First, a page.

Seems to me that some time ago, a state legislature was convinced at how nice the world wo
Seems to me that some time ago, a state legislature was convinced
at how nice the world would be if pi were a rational number. Three
being the obvious choice, a law was passed making it the legal value
of pi. Needless to say, engineers, mathematicians, etc. ignored the
decree and went on using the old value. Eventually the law was repealed.
Why must legislators decide what is to be called "true" and what "false?"
Alternatively, why must they insist that scientists do not know what they
are talking about? Along the same vein, I read a recent article in the
Atlantic criticizing the new US naval strategy. This strategy was thought
up by experts in their field. The author of the article was the editor of
the Atlantic. It became apparent that he knew little, if anything, of the
reasons behind the strategy and reduced himself to belittling it in silly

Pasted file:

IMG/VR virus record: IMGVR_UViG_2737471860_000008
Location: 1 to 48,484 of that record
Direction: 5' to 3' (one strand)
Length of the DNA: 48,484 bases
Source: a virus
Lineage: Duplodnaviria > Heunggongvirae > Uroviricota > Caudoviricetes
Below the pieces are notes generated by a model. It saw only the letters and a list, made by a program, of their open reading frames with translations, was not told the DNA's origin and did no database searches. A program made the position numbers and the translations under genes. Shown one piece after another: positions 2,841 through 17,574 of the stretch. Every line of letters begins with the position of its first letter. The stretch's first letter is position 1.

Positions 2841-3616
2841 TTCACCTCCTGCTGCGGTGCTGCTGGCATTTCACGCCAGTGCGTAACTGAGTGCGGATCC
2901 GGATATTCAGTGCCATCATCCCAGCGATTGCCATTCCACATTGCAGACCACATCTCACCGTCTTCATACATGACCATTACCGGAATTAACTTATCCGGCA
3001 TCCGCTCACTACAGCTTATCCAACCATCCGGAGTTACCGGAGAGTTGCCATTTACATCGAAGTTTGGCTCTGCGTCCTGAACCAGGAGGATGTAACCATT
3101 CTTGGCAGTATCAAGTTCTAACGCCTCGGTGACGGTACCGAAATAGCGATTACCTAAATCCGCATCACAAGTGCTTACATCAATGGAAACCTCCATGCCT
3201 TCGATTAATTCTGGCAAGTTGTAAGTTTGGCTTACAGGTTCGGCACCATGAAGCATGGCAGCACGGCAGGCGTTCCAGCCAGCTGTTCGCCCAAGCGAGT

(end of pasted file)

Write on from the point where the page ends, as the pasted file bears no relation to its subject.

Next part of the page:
ways and with ad hominem arguments.
Evolution is a theory. That does not mean it is of unknown truth. Creationists
who insist on calling it a theory should examine the meaning of the word
as used by scientists. The word in mathematics for a significant, proven
statement is "Theorem." Sound similar? No coincidence. Calling something
"Theoretical" means either 1) not practical (Evolution isn't going to change
how we water plants) or 2) derived from a theory (an established body of
In schools we do not teach that the earth is flat. Why? Scientists have
proven that it is round. We don't teach that objects fall up when
dropped. Why? Scientists have established the theory of gravity.
It is often said that we should give equal credence to Evolution and Creation.
"Let the students decide for themselves." How many of these same people
wish to have Marxism and Western Capitalism discussed under equal terms?
Most to whom I have spoken would only mention Marxism to emphasize that it
is wrong. Cultural and "idea" relativism is an idea whose time is long
Michael I. Bushnell
a/k/a Bach II
E-Mail Fredric L. Rice / The Skeptic Tank